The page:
Cyril Farrell: Galway have the power and the poise to out-manoeuvre Davy's improving forces
If Micheál Donoghue was watching the Lions against the All Blacks last Saturday morning, he would have noticed something that might be useful when planning for Galway in tomorrow's Leinster final.
Before the first test the consensus was that the Lions' best chance of winning rested with the forwards overpowering the All Blacks. The view was that the Lions had an advantage there but what happened?
The All Blacks targeted the Lions pack. Instead of worrying about containing them, they set about knocking them back and forcing them into a different game to what they had in mind. Game over. All Blacks by a mile.
Much of the talk about the Leinster final has centred on how Galway go about counteracting Wexford, who are now operating very much in the image and likeness of Davy Fitz. And very successful it has been too, giving them their best year for a long time with hopes of more to come.
I've known Davy a long time and can say with certainty that he won't be depending on any one plan. Even when he's asleep he's probably dreaming about tactics and systems and formations.
Still, he works off a few core principles, which he has taken from Waterford to Clare to Wexford, refining them as he goes. He certainly likes extra cover in defence, a busy midfield area and forwards who can cope with being outnumbered.
It all comes together with a running game, lads supporting each other at pace. It took Wexford supporters a while to get used to that type of game but winning changes mindsets and they are now delighted with it.
And so they should be. Promotion to 1A, two wins over Kilkenny and a place in the Leinster final is a fair yield in such a short space of time. If Wexford were to take it a step further by beating Galway, Davy will be canonised in the county.
Still, after being so close to the top for so long, it's more important for Galway that they win. The best way for Galway to approach this game is to attack Wexford's strong points. Don't let them set the agenda and instead present them with a new one.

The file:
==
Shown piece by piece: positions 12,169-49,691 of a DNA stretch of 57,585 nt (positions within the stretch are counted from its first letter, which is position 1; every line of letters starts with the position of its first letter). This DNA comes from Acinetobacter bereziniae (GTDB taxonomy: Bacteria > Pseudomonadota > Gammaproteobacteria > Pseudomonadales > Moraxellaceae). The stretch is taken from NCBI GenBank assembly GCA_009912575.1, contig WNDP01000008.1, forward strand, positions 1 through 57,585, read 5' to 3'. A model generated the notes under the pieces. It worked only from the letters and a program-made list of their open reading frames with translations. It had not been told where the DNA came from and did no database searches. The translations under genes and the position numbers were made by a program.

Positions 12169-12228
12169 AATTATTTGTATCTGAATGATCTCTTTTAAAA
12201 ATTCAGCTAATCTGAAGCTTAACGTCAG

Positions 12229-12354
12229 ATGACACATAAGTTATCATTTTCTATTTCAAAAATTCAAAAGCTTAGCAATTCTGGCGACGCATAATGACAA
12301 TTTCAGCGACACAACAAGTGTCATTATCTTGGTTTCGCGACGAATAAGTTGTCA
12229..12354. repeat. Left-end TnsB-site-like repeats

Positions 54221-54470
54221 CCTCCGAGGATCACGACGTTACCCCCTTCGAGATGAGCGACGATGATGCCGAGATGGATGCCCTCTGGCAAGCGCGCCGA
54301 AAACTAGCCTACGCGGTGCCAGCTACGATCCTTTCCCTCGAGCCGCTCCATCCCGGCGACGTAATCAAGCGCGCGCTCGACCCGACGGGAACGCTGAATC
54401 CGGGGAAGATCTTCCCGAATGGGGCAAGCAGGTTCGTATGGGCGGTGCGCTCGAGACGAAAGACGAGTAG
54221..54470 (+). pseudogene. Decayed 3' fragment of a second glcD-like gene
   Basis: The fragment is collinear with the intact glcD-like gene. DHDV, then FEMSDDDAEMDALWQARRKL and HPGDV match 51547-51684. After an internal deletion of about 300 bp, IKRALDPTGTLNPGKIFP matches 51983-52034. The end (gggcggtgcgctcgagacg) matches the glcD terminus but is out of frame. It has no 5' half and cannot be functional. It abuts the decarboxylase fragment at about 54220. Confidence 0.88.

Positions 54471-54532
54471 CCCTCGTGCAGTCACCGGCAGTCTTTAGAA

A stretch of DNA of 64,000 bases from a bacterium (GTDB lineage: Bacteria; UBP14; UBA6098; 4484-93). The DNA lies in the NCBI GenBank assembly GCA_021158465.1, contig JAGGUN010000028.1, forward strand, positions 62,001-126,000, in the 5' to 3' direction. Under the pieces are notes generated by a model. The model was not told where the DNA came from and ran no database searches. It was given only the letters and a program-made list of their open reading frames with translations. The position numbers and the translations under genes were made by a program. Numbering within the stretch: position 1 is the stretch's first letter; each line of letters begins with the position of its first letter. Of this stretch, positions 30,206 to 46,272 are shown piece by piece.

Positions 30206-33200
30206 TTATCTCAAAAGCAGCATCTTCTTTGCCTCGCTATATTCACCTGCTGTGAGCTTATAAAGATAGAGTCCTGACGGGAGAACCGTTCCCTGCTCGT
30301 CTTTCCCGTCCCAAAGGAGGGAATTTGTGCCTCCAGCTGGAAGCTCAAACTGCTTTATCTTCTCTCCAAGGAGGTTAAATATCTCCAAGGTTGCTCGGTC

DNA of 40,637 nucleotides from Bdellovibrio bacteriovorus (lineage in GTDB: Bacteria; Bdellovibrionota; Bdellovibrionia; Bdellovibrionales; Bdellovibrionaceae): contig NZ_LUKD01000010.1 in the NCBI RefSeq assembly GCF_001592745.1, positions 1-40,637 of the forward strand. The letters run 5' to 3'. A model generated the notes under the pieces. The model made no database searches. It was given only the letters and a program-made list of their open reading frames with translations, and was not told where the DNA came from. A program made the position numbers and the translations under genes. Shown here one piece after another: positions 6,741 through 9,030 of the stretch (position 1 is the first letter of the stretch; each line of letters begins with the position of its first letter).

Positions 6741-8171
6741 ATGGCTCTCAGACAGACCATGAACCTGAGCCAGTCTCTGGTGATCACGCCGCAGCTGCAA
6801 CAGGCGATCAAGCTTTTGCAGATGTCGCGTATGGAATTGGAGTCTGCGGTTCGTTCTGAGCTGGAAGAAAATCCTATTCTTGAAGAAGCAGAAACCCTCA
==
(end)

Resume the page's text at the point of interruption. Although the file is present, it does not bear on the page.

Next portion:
Shaun Murphy has done a good job as sweeper, so make it hard for him. Don't give him handy ball, take him left and right, make him think under pressure, rather than allowing him to mop up and pick out a colleague.
If Wexford are allowed to get that system going, they will make it work. Lee Chin, Conor McDonald and Jack Guiney are well capable of winning possession even when they're outnumbered so Galway need to make sure they restrict both the quantity and quality of possession coming from the Wexford defence.
I would expect the Galway forwards to interchange on a regular basis. Davy will put a special detail on the likes of Joe Canning and Conor Whelan but if Galway use the rotation game cleverly, it will create openings, irrespective of Wexford's system. In other words, Galway should do an All Blacks on it and focus on attacking Wexford's strengths.
If Galway have an extra defender, they will try to make sure it's Aidan Harte. He's having a great year, both defensively and offensively. And Davy won't need any reminding of the damage Harte did in a free role against Clare in last year's quarter-final.
Who would have thought last January that Wexford would beat both Galway and Kilkenny 'away' in the League and then repeat it at home to Cody's boys in the championship?
It shows how far they have come and the journey is far from complete. Their supporters believe that if they can recover from a bad start and still beat Kilkenny, they are ready for just about anything.
It's not that straightforward. The pressure is increasing in line with expectations and since they haven't experienced it before, there's no way to know how they will react.
Galway are further down the road with big-time experience, strength and conditioning etc and appear to have a new-found sense of confidence and well-being.
Having said that, their current status as All-Ireland favourites probably has as much to do with events elsewhere as with a conviction that they won't hit the same barriers that knocked them in previous years.
There's no doubt that Galway will encounter a tighter defensive system than what they experienced against Offaly or Dublin, or indeed against Tipperary in the League final.
Just as Galway will target Wexford's strong points, Davy will have his men primed to knock the Galway attack off their stride. Galway scored 33 points - many from long range - against Offaly, but they won't find nearly as much room in the traffic chaos Wexford will cause in the middle third.
Wexford will seriously trouble Galway but the Bob O'Keeffe Cup is west-bound for a second time.